Dow AgroSciences says it expects EPA will “readily and thoroughly” address the concerns that have led to a cancellation notice for Transform and other Sulfoxaflor-containing products extensively used by cotton and grain sorghum producers.
The cancellation notice came in response to a Sept. 10 Ninth Circuit Court of Appeals ruling vacating product registrations for sulfoxaflor. The court cited studies on the effect of sulfoxaflor on pollinators that were not completed before registrations were issued by EPA.
“As a result of the extensive data currently available on sulfoxaflor, Dow AgroSciences expects the pollinator protection concerns expressed in a recent Ninth Circuit Court of Appeals decision to be readily and thoroughly addressed by EPA through further review of scientific data,” the company said in a press release.
“Four full years of widespread U.S. product use – with additional use in Canada, Australia and other nations – have demonstrated excellent sulfoxaflor performance worldwide with no noted adverse effects on pollinators.
The statement said registrations outside the U.S. of sulfoxaflor-containing products should not be impacted by this decision, and U.S. tolerances for sulfoxaflor are similarly unaffected.
“As part of its recent action, EPA has issued an existing stocks provision allowing growers to use sulfoxaflor-containing products they have in hand consistent with directions on the pre-existing product label,” the statement said.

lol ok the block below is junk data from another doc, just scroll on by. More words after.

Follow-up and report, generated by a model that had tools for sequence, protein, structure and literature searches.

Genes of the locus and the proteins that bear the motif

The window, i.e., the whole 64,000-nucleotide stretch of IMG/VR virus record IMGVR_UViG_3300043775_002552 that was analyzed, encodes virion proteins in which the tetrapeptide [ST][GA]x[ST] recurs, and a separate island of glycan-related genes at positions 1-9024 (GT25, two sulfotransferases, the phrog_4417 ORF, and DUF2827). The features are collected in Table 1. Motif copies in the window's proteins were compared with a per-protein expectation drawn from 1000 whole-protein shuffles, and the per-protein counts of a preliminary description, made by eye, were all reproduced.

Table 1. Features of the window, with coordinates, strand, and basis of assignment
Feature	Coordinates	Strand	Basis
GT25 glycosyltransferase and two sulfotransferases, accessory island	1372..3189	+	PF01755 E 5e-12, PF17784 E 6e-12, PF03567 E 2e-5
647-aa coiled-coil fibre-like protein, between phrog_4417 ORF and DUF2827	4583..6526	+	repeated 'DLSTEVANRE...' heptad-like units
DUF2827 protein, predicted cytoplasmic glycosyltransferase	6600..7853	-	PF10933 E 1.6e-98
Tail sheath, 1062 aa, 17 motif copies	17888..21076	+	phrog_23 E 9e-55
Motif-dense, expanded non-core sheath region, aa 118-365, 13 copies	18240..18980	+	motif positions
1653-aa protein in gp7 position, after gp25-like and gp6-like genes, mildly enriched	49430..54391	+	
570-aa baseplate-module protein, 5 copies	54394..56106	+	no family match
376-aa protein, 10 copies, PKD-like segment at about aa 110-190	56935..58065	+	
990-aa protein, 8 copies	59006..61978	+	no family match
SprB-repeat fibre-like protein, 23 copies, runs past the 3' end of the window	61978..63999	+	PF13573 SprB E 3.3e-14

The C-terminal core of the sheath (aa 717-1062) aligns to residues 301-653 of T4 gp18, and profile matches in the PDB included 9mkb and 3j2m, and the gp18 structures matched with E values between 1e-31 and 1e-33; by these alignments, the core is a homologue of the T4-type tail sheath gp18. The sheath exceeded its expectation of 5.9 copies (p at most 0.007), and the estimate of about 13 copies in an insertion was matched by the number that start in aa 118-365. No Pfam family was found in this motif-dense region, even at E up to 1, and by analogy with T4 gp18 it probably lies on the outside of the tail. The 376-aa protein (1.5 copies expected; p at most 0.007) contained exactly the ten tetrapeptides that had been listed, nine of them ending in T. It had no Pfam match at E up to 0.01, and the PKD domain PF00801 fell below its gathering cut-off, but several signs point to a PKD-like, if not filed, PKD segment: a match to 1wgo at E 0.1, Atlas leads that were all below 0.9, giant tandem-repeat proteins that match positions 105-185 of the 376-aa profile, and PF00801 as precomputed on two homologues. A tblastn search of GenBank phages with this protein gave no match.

“Dow AgroSciences is, however, disappointed with EPA’s existing stocks provision which effectively removes a critical tool from the American grower by not allowing existing inventories of sulfoxaflor-containing products to be sold and distributed to end-users while EPA considers its next steps.”
Sources in the crop protection industry said that while the studies on the impact of sulfoxaflor on pollinators had not been completed when EPA approved a registration for the product, the studies were expected to show no adverse effect.
“In reviewing the documents, the court said EPA had not completed all the necessary studies as required by law and vacated the registration,” the source said. “This was an unusual step to say the least.”
Dow AgroSciences said it “remains confident in the benefits offered by this new class of insecticides and will work diligently with EPA and States to achieve new registrations for these important products to support the American grower.
Sulfoxaflor is a sulfoximine-class insecticide, the company also noted, and not a neonicotinoid as some environmental activist groups have claimed. “This is a distinction clearly established by the Insecticide Resistance Action Committee and published in the open scientific literature,” the company said.
To learn more about Transform, visit http://www.dowagro.com/en-US.